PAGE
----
Sunday, May 10, 2009

Ali, The Birdman of Baghdad

I recently made a trip to the International Zone (IZ) in downtown Baghdad. While I was there, SGM Troy Falardeau, a fellow public affairs puke like me, took me on the nickel tour of Camp Prosperity there.

As we walked, talked and toured the joint we happened upon a carpet salesman there who was holding a little fledgling sparrow in his hand. I couldn't pass it up, I just had to meet the little Iraqi with a little bird. Turns out he had more than just one bird, he has several. He kept a number of pigeons in a little cage across the street from his rug shop and apparently he kept his little bird in his pocket, when he wasn't perched on his finger. 

Oh, and one more thing. He said the little bird in his pocket wasn't actually a bird, but his son. It must be an Iraqi thing. At any rate, I nicknamed him Ali, The Birdman of Baghdad. Here's a clip of the Birdman.

video

Monday, May 4, 2009

What Do You Need? What Can I Send You?

I've been deployed a couple of times and I am always amazed at how this question is asked by so many people who know you are down range or going down range. They ask because they want to help. They want to support you on your mission; serving the country, defending freedom, living in semi-primitive conditions, being away from home, etc.

For many people, sending a care box filled with a few American goodies, American magazines, and anything American, is a simple way to show their support and concern - and you know what? We all appreciate it and look forward to those packages.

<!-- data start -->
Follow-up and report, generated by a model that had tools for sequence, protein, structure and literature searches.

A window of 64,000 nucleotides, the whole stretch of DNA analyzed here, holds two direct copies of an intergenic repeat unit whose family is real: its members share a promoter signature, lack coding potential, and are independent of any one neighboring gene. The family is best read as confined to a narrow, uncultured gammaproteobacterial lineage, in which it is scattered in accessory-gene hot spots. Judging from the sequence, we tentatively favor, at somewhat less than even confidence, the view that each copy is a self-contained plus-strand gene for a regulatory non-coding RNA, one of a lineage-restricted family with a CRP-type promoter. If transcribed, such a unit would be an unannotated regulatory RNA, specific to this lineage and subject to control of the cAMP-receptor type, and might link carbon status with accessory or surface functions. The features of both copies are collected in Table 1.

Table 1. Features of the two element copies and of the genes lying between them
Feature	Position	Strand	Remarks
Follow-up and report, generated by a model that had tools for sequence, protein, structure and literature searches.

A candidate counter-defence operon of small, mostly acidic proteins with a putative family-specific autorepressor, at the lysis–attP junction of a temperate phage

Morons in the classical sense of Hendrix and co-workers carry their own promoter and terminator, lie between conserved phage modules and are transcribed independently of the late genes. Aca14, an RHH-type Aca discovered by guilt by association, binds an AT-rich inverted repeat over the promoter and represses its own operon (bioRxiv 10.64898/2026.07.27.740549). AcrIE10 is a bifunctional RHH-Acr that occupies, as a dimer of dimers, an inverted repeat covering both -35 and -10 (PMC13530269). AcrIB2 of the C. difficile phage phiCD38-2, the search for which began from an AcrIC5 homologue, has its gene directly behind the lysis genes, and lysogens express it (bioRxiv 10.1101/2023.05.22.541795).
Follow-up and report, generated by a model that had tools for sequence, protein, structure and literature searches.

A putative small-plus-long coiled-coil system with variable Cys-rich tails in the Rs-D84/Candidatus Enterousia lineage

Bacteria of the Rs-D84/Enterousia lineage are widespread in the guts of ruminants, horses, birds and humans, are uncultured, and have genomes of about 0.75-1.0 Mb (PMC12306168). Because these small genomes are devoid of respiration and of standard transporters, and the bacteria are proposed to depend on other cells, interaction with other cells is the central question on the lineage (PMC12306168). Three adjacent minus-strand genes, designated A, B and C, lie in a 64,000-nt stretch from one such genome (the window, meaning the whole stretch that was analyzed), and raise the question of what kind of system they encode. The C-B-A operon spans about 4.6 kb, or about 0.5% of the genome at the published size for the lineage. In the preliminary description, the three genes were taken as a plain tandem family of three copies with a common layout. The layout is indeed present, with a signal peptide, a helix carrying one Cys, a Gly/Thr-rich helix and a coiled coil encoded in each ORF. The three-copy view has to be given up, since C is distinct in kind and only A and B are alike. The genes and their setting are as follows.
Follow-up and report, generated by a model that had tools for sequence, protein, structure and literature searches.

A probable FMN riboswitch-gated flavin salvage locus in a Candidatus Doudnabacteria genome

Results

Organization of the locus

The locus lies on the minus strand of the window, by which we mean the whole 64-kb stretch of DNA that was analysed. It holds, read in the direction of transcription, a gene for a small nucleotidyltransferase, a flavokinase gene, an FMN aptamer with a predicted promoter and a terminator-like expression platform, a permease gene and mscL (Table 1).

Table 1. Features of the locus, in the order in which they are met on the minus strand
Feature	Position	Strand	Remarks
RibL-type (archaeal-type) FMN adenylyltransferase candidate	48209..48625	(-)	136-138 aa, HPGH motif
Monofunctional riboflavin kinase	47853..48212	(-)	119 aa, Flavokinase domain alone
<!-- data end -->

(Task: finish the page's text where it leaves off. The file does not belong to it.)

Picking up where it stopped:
But, there are other care packages you can send, just in case you are wondering how you can show your support, that are just as effective and needed.

Today, I got an email from a former Sergeant Major of mine. It surprised me to find myself smiling, almost beaming as I read her message. It wasn't that the message was the most incredible and enlightening message I had ever received, that made me feel so good. It was that someone took the time to say hello, to offer words of encouragement and let me know that somewhere, someone was thinking of me.

This is the kind of care package I'm talking about - emails, letters, comments on a blog, writing on someone's facebook wall. Don't get me wrong, goodies are great, snail mail care packages are awesome, nobody will deny a delivery of that caliber but, sending a few heartfelt words in a letter or electronic message can really make a dull day brighter. 

Each time I put an entry in this blog, the text is automatically emailed to a select group of friends who I think will be interested to know what my unit is doing out here. Inevitably, a couple days after I publish a post I get an email or two from someone in that group who comments about the entry.

One of these folks usually pokes fun at my entries, sarcastically telling me how "touched he is" by my somewhat softy style of writing but, at the same time he offers a few words of encouragement to keep up the good work too. Another one often says how much he appreciates the work we are doing here and to tell my soldiers to hang in there. My wife makes comments too, telling me to stay tough and not to worry about things at home, that my Soldiers are doing a great job.

Each blog comment, email or letter from these folks, and others who have taken an interest in our lives out here, is just as good as opening a boxed care package from home. They are unexpected, personal and quite honestly they don't add to our calorie intake like all those goodies we get (not that they aren't wanted, you can always send those too).

So, if you're one of those people wondering what you can send and trying to figure out just what we need out here, I tell you this. A boxed care package will work just fine, but a quick note in the mail, a comment on one of our blogs or an unexpected email just might be what we need the most and it doesn't cost anything but a few minutes of your time.

Thanks to all our friends and family for your support, keep it coming. We look forward to hearing from you soon.